Bible studies for writers

Bible studies for writers | 1 Samuel 15

Looks like King Saul is in a bit of trouble with God – and with Samuel. There are lots of juicy little tidbits telling us why God is so angry with Saul, and I’ll be honest, most of them, I am just noticing for the first time even after having already read this chapter. I’ve always had kind of a tough time understanding why God would appoint Saul king and then lose hope in him, but this chapter (and a little nudging from the Holy Spirit) actually explains very well why God was finished placing his hope in Saul. I guess we could say that Saul got a little cocky, and God didn’t appreciate it at all. I underlined a few lines that describe Saul’s attitude:

Verse 9 says that Saul and his men did “everything … that appealed to them.” They already had a very clear understanding that they were supposed to destroy everyone and everything, but Saul justified his actions by saying they were going to use the animals as sacrifices. Samuel didn’t believe a word of it.

Verse 12 says Saul set up a monument ”to himself” in Carmel. Now, we all know this is a big no-no. I don’t feel the need to elaborate.

In verse 25, Saul asks Samuel to forgive his sin. I think Saul kind of forgot who he was dealing with here. Samuel was great, yeah, but he was no official forgiver of sins. That’s God’s job.

All of these things and more led up to the conclusion of this chapter, which left Samuel having to murder King Agag himself, and with that act, Samuel separated himself from Saul permanently. I think I would have too. Poor Samuel. I was wrestling with his emotions while reading the end of this chapter. I’m sure he was a little bitter, for he had to carry out a deed that probably left him feeling a thousand kinda ways, because of a king who was a controversy from the get-go. Samuel was no killer, so carrying out the act of murder probably left more emotional scars than we can imagine. The last paragraph even says that after that, Samuel mourned constantly for Saul. I hope Samuel’s last years weren’t full or torment and anger, but it looks as though he may have suffered the consequences in an effort to make up for Saul’s disobedience.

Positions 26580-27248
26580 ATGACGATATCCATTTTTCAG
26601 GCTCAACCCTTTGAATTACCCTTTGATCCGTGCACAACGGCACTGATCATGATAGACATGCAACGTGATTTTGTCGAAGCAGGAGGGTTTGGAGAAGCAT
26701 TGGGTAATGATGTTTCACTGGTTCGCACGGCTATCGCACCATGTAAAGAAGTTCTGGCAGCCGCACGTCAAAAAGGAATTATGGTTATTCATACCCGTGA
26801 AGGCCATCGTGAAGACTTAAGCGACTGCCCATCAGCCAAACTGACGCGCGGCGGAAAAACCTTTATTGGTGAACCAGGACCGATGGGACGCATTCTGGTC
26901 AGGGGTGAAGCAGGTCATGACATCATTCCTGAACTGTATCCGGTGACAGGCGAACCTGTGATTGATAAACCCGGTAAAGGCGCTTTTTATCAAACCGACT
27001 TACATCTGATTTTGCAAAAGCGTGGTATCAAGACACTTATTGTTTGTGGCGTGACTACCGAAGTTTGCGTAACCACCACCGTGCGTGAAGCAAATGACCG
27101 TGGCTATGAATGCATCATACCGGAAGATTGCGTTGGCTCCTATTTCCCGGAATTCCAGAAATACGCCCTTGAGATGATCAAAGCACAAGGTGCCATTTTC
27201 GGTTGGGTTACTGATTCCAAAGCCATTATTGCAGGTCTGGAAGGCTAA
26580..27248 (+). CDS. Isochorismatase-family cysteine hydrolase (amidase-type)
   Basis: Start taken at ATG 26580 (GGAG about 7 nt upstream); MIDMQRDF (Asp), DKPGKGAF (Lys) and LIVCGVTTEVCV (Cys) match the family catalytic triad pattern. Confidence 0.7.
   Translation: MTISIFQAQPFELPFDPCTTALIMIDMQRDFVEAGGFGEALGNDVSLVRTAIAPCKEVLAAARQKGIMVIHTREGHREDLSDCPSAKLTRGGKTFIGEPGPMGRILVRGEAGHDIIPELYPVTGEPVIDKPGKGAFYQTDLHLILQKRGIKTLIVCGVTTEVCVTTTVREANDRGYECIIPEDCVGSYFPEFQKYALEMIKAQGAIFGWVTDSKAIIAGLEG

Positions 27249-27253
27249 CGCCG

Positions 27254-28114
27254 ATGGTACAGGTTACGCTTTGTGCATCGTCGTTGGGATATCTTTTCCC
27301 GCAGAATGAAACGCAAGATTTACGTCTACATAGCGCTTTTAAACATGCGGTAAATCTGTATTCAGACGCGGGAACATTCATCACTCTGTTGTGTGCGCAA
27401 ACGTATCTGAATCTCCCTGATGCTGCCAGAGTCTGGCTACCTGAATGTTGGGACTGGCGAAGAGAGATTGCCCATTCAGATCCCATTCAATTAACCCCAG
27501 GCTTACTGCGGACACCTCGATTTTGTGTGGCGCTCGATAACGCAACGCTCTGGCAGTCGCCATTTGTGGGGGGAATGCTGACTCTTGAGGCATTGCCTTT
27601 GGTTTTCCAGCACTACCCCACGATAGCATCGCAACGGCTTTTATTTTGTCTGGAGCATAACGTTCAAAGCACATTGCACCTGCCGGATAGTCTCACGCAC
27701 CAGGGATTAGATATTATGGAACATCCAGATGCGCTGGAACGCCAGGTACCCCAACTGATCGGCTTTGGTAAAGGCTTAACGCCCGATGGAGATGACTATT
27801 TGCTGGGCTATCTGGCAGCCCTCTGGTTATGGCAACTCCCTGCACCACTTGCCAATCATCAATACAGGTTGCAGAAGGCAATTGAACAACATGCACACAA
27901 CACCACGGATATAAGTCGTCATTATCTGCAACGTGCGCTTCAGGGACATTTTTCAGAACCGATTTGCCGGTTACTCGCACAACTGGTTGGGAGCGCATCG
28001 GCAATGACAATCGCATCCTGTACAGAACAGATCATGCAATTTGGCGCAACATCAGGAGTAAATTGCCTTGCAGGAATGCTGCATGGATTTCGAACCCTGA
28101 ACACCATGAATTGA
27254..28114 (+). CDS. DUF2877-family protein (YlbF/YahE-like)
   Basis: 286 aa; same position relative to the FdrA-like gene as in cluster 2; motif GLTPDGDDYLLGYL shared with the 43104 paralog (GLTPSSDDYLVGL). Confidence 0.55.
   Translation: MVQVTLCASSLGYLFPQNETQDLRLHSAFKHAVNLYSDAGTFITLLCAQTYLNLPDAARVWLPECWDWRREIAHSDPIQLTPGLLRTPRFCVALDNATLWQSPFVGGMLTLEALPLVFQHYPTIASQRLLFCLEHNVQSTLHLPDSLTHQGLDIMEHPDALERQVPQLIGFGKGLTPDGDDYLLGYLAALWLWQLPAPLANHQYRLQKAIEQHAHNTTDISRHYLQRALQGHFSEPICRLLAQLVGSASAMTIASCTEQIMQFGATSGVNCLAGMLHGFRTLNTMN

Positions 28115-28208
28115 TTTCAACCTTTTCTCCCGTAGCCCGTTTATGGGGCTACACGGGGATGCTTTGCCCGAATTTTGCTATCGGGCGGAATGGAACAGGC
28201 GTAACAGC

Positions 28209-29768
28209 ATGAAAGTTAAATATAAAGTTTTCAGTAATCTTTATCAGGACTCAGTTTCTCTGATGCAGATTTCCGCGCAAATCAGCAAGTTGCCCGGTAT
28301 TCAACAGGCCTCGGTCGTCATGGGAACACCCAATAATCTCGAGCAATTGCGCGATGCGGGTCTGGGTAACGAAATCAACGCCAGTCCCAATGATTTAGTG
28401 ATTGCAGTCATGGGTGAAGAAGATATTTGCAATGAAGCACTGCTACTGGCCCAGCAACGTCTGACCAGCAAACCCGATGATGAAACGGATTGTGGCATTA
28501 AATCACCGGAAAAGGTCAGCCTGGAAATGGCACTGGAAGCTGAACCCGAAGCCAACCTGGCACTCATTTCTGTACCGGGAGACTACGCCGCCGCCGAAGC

Writing prompt: the end

Have you ever been told that you’re finished before you were ready to be finished? Write about a time you’ve felt cut short of opportunity. Pay particular attention to your own actions and how they may have affected the eventual outcome.


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